The Nigerian economy has demonstrated particular vulnerability to the emergent global economic crisis. Driven by crude oil and gas, the nation’s economy is anchored on the petroleum sector, which accounts for 80 percent of government’s annual revenue and foreign exchange earnings. The petroleum sector also contributes about 50 percent of Nigeria’s annual gross domestic product. The global oil and gas industry enjoyed tremendous price increases associated with sustained economic growth around the world until mid-2008, when the price of crude oil packed at US$147.00 per barrel. While the boom lasted, Nigeria became a major beneficiary of crude oil price upswings, increasing its foreign exchange reserves to an unprecedented level of about US$60 billion. The windfall also afforded Nigeria the rare opportunity to exit the Paris Club of creditors, in a development which catalyzed the discharge of its foreign debt obligations through the payment of US$18 billion, while the sum of US$12billion was waived by creditors, leaving a paltry sum of US$2billion. However, with the advent of the global economic turmoil, global oil prices plummeted to less than US$40.00 per barrel by the 1st quarter of 2009. This development has unleashed an external shock on the Nigerian economy. The sharp drop in oil revenue has reversed few years of fiscal surpluses to severe deficits. The dominance of the oil sector has therefore impacted negatively on Nigeria’s macroeconomic performance, particularly since the emergence of the global crisis. From this background the researcher wants to investigate the challenges of global economic crisis and Nigeria’s financial markets stability

1.3 OBJECTIVE OF THE STUDY

The objectives of the study are;

1.   To ascertain the causes of global economic crisis

2.   To ascertain the effect of global economic crisis on Nigeria’s economy

3.   To ascertain the relationship between global economic crisis and financial market stability in Nigeria

4.   To ascertain the causes of Nigeria’s financial market stability

1.4 RESEARCH HYPOTHESES

For the successful completion of the study, the following research hypotheses were formulated by the researcher; 

H0: there is no effect of global economic crisis on Nigeria’s economy

H1:there is effect of global economic crisis on Nigeria’s economy.

H02:there is no relationship between global economic crisis and financial market stability in Nigeria.

H2: there is relationship between global economic crisis and financial market stability in Nigeria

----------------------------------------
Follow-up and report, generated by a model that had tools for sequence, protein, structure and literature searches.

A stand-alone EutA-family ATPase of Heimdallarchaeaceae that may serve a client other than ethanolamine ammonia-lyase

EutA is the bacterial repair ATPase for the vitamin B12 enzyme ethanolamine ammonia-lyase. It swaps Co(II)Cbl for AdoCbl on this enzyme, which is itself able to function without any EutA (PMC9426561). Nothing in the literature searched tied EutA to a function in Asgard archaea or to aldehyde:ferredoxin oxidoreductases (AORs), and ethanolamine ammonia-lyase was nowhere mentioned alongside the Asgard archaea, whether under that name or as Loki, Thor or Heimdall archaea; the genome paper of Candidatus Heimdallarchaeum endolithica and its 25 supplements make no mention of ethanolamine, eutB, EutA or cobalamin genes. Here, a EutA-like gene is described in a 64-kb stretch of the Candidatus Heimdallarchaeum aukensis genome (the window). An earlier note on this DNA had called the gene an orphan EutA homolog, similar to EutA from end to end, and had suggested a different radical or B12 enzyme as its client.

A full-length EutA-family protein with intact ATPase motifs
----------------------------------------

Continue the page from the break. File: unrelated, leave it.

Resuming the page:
1.5 SIGNIFICANCE OF THE STUDY

This study, which is primarily aimed at explaining the challenges of global economic crisis and Nigeria’s financial market stability, will provide an insight into the problems associated with global economic crisis and Nigeria’s financial market stability.This report would be of great benefit for Nigeria’s financial sector, to expose them to the solution to global economic crisis and Nigeria’s financial market stability.The findings will be useful for researchers to further generate knowledge in the field

1.6 SCOPE AND LIMITATION OF THE STUDY

The scope of the study covers the challenges of global economic crisis and Nigeria’s financial market stability. The researcher encounters some constrain which limited the scope of the study;

a) AVAILABILITY OF RESEARCH MATERIAL: The research material available to the researcher is insufficient, thereby limiting the study       

b) TIME: The time frame allocated to the study does not enhance wider coverage as the researcher has to combine other academic activities and examinations with the study.

c) Organizational privacy: Limited Access to the selected auditing firm makes it difficult to get all the necessary and required information concerning the activities.

1.7 DEFINITION OF TERMS

CHALLENGES: A call to someone to participate in a competitive situation or fight to decide who is superior in terms of ability or strength

GLOBAL ECONOMIC CRISIS: Global economic crisis may refer to: Economic events of the late 2000s: Financial crisis of 2007–2008 · Great Recession. A global recession; Earlier global economic events, such as: The Great Depression, a global economic downturn from the late 1920s until World War II; The Long Depression, an international depression.

FINANCIAL MARKET: financial market is a market in which people trade financial securities, commodities, and value at low transaction costs and at prices that reflect supply and demand. Securities include stocks and bonds, and commodities include precious metals or agricultural products.

FINANCIAL STABILITY: Financial stability is a state in which the financial system, i.e. the key financialmarkets and the financial institutional system is resistant to economic shocks and is fit to smoothly fulfill its basic functions: the intermediation of financial funds, management of risks and the arrangement of payments.

1.8 ORGANIZATION OF THE STUDY

This research work is organized in five chapters, for easy understanding, as follows

Chapter one is concern with the introduction, which consist of the (overview, of the study), historical background, statement of problem, objectives of the study, research hypotheses, significance of the study, scope and limitation of the study, definition of terms and historical background of the study. Chapter two highlights the theoretical framework on which the study is based, thus the review of related literature. Chapter three deals on the research design and methodology adopted in the study. Chapter four concentrate on the data collection and analysis and presentation of finding.  Chapter five gives summary, conclusion, and recommendations made of the study